In normal times, it would make no sense for the White House to engage Fox News Channel in battle. That tactical decision would make as much sense as a dog chasing a crocodile into a swamp -- the White House is on Fox's turf, and the cable network has all the advantages. But these are not normal times, and the White House is not dealing with a typical media outlet. Fox News is everything that Press Secretary Robert Gibbs says it is: It's an arm of the conservative movement and an opposition research shop for the GOP. And now, the Fox affair is a test case about the future of American political journalism. Set aside the immediate question of whether the Obama administration stands to gain or lose by engaging an outlet that has positioned itself as a Republican clearinghouse. The larger issue at play is whether the public will ever again seriously differentiate between newsgathering that serves the public good and information-gathering that serves a specific cause. Fox is not The New...

All These Governors

Do the gubernatorial races in Virginia and New Jersey say anything about the Democratic Party's future?

Jon Corzine, governor of New Jersey. (Center for American Progress/Ralph Alswang)
Current political weather reports forecast gloom and doom for Democrats come election time. The predictions are of severe changes in the climate from the triumphs of 2006 and 2008, when they took control of the Congress and won back the White House, to something considerably less favorable in 2009 and 2010. The anticipated result could be anything from a few lost Senate seats to a huge Republican comeback built on the decline in President Barack Obama's popularity. The president is now less likeable than Hillary Clinton, we're told. Some even suggest that it is in anticipation of this defeat that the White House is moving so urgently on so many fronts, from health-care to financial-services reform. According to this line of thinking, the reconfigured Congress, with shrunken or erased Democratic majorities, will severely restrict the president's ability to advance his agenda. This week, conservative columnist George Will ran down a list of Senate races where Democrats could come up...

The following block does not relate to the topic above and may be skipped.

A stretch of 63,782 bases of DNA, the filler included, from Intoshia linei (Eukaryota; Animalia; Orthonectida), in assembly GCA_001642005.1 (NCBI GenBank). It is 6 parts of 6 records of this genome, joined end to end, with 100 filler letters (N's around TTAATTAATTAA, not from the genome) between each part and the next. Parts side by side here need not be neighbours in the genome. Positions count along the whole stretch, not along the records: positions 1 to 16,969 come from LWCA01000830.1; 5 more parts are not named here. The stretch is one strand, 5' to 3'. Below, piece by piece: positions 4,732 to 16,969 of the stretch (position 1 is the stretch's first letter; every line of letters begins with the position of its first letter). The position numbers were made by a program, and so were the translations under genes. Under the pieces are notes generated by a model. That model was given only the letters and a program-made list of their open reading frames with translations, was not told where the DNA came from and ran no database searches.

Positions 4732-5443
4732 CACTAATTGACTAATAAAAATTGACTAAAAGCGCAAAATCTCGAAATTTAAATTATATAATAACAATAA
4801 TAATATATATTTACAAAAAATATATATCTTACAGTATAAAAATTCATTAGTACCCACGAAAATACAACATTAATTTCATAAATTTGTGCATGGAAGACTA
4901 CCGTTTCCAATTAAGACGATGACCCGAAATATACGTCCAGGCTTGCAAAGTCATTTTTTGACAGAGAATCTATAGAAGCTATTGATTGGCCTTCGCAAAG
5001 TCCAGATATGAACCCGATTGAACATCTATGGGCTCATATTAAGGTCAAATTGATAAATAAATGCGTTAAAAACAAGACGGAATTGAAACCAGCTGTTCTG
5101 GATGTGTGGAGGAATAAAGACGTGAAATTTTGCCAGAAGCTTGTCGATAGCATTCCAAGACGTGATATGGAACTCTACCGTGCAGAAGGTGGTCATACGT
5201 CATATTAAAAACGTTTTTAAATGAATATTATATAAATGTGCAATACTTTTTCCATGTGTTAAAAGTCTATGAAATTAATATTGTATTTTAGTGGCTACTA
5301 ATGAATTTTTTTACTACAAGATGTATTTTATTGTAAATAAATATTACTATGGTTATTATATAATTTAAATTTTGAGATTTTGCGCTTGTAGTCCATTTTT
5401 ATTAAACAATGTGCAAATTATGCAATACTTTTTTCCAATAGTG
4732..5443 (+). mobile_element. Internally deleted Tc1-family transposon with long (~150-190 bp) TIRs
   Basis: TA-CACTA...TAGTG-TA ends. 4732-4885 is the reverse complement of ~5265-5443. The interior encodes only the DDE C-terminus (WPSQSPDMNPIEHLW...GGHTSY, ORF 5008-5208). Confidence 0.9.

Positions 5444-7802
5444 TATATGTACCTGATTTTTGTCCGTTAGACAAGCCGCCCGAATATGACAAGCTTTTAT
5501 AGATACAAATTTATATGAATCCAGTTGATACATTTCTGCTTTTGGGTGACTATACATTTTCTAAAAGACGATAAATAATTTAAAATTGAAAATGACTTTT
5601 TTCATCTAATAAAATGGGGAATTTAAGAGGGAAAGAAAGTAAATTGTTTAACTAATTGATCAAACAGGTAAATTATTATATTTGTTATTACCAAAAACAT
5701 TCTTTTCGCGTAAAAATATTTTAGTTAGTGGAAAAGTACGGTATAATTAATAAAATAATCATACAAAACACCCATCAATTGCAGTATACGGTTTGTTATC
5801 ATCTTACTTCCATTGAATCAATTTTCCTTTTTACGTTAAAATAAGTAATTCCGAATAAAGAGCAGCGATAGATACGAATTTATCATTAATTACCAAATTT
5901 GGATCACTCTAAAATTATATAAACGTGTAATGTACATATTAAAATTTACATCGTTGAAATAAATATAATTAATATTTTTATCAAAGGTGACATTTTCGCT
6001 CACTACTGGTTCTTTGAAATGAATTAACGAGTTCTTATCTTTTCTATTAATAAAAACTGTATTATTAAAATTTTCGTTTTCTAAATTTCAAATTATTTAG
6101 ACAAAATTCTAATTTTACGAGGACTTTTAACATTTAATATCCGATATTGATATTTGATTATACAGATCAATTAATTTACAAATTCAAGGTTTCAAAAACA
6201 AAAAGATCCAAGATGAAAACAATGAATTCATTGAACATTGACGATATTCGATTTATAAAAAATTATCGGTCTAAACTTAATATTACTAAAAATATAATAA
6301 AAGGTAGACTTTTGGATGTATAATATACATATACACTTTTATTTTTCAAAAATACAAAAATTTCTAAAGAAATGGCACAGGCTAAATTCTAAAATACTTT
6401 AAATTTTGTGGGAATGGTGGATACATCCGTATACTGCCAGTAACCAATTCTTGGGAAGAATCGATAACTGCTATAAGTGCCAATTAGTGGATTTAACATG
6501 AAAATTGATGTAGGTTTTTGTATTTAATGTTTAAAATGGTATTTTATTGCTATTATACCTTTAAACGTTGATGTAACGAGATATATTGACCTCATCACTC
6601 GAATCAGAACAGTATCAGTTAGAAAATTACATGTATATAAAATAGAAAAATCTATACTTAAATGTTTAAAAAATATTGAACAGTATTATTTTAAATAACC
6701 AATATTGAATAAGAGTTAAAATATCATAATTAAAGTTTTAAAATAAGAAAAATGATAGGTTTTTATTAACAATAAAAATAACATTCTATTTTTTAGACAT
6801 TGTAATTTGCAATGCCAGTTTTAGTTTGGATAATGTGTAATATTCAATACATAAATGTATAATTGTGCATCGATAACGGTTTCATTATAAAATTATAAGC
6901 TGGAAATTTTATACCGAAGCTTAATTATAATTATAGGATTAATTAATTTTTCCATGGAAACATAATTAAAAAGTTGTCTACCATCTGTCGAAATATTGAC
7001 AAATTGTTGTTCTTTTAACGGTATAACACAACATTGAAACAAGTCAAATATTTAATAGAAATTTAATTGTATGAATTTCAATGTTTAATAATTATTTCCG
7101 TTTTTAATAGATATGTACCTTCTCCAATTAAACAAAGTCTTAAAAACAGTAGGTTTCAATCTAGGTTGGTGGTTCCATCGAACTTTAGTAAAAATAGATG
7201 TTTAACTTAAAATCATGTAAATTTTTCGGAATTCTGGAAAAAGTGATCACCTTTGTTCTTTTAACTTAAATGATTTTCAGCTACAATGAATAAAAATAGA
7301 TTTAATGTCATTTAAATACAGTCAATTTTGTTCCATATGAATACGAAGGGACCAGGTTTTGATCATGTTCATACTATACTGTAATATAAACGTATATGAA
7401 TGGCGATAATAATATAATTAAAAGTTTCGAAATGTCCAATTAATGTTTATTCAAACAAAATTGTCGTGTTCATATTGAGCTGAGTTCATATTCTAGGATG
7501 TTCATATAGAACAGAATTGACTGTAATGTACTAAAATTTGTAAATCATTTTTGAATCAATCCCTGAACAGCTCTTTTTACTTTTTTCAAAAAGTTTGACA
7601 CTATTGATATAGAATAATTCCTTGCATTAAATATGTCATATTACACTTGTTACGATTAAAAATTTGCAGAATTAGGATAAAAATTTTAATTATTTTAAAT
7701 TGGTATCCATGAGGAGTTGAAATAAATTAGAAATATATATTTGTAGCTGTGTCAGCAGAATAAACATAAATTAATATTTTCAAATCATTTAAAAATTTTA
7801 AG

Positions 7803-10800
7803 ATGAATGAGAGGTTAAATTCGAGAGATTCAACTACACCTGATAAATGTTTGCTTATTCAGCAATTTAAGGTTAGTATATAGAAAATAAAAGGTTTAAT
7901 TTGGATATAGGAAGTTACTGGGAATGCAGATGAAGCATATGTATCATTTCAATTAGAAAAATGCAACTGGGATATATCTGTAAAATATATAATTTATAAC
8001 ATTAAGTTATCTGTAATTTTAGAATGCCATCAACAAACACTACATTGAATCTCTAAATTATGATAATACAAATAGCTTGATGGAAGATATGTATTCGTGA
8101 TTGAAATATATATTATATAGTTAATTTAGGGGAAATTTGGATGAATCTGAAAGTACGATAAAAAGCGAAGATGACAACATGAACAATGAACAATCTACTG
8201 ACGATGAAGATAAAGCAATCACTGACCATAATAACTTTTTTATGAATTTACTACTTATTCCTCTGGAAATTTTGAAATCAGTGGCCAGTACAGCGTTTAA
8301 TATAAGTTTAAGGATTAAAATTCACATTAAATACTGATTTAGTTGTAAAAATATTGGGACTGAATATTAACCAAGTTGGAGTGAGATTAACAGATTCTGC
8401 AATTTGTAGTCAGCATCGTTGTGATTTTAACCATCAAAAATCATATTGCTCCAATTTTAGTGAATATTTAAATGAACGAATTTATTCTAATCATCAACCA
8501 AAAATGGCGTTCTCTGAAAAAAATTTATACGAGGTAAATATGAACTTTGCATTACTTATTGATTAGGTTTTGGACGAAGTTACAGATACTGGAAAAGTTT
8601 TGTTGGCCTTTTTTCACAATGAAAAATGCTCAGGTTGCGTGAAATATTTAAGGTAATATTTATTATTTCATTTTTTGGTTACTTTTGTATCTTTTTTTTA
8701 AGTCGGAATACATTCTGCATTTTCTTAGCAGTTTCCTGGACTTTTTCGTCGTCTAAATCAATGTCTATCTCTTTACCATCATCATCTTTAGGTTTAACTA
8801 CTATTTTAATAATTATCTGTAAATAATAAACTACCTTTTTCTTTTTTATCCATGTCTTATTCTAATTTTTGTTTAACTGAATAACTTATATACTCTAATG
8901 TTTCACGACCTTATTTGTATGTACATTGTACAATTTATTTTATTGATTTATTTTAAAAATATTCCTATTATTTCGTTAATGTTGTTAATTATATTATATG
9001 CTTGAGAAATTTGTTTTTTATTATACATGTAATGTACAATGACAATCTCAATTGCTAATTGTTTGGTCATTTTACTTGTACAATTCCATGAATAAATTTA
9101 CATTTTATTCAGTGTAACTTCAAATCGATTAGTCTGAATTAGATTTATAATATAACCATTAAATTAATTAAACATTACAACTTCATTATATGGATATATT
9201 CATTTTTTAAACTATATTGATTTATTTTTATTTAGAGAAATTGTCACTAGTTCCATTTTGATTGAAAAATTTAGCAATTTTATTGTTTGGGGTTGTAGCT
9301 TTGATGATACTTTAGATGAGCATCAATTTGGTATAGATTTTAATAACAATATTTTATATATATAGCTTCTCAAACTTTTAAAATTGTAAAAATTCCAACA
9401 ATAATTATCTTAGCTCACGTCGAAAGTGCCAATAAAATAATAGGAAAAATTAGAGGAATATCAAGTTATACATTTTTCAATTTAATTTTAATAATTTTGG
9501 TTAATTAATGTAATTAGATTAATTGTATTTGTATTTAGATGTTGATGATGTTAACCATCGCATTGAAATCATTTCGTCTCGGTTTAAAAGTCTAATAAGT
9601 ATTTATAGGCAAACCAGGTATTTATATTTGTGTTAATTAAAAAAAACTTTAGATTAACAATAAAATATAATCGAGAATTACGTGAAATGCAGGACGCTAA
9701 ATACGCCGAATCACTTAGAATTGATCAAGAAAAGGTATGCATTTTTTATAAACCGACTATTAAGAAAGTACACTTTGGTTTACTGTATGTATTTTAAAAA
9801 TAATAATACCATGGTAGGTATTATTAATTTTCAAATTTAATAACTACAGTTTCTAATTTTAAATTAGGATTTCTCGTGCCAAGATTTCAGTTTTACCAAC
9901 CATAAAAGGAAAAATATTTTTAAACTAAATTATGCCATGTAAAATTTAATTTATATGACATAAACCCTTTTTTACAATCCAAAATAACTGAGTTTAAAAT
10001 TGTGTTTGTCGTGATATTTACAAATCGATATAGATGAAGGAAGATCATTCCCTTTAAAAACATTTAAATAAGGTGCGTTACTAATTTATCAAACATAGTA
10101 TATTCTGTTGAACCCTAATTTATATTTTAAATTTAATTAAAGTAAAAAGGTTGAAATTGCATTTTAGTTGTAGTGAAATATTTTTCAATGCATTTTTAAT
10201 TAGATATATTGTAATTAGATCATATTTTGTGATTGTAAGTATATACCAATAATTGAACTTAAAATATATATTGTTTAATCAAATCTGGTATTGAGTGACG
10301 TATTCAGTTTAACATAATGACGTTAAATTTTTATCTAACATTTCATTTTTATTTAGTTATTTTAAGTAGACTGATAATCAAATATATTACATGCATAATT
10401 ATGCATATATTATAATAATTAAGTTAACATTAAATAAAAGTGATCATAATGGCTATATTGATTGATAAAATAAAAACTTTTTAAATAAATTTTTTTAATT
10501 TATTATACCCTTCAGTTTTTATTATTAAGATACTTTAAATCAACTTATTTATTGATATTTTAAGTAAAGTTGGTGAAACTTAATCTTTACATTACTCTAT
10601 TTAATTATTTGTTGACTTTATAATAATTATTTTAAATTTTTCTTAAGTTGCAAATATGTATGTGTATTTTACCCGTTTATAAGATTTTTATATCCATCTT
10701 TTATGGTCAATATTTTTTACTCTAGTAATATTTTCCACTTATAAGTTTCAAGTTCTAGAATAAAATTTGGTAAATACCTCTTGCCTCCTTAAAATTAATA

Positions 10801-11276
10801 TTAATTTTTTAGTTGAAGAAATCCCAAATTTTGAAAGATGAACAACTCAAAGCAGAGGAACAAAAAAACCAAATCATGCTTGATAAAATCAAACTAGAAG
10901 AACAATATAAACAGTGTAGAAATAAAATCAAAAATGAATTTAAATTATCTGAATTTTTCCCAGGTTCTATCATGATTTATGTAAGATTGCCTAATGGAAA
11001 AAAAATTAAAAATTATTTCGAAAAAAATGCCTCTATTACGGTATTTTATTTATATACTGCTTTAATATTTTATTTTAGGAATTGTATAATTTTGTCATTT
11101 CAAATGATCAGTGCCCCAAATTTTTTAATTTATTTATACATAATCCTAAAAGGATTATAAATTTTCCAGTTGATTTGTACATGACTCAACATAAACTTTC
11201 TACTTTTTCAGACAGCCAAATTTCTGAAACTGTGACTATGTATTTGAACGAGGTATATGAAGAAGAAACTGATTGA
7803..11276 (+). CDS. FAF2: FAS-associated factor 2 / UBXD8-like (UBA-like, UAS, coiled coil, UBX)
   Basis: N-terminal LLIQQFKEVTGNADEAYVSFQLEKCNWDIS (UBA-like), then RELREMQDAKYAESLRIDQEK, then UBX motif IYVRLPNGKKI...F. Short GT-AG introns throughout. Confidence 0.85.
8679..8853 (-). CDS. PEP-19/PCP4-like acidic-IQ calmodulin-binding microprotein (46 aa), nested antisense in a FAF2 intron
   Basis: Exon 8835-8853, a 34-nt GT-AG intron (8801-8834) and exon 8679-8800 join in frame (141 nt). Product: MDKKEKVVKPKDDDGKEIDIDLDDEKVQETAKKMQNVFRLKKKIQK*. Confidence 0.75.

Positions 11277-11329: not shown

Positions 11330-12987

Southern Baggage

As long as racism is tolerated within their party, Southern Republicans shouldn't act too surprised when they get pushed on the issue.

In an outburst during the president's address on health care, Rep. Joe Wilson accused Barack Obama of lying on the issue of immigration. (AP Photo/Harry Hamburg)
There must be some powerful atmospheric agents shaping the politics of South Carolina. How else can the Palmetto State's tendency to repeatedly produce odd and bombastic figures be explained? Here, I'm not talking about the increasingly infamous and boorish Rep. Joe Wilson, who interrupted the president's health-care speech by shouting, "You lie." Nor am I even talking about the similarly infamous and boorish incumbent Gov. Mark Sanford, whose affair with an Argentine woman fueled a summer spectacle. No, I'm thinking of the reformed segregationists like retired Sen. Ernest Hollings and the late Sen. Strom Thurmond, who turned out to have fathered a black child. These gigantic personalities possessed boundless political skill but ultimately had a difficult time with their aspirations. They were hampered by a political age defined by the debate over civil rights -- a debate in which they were compromised. I'm also thinking specifically of Lindsay Graham, the senior senator who replaced...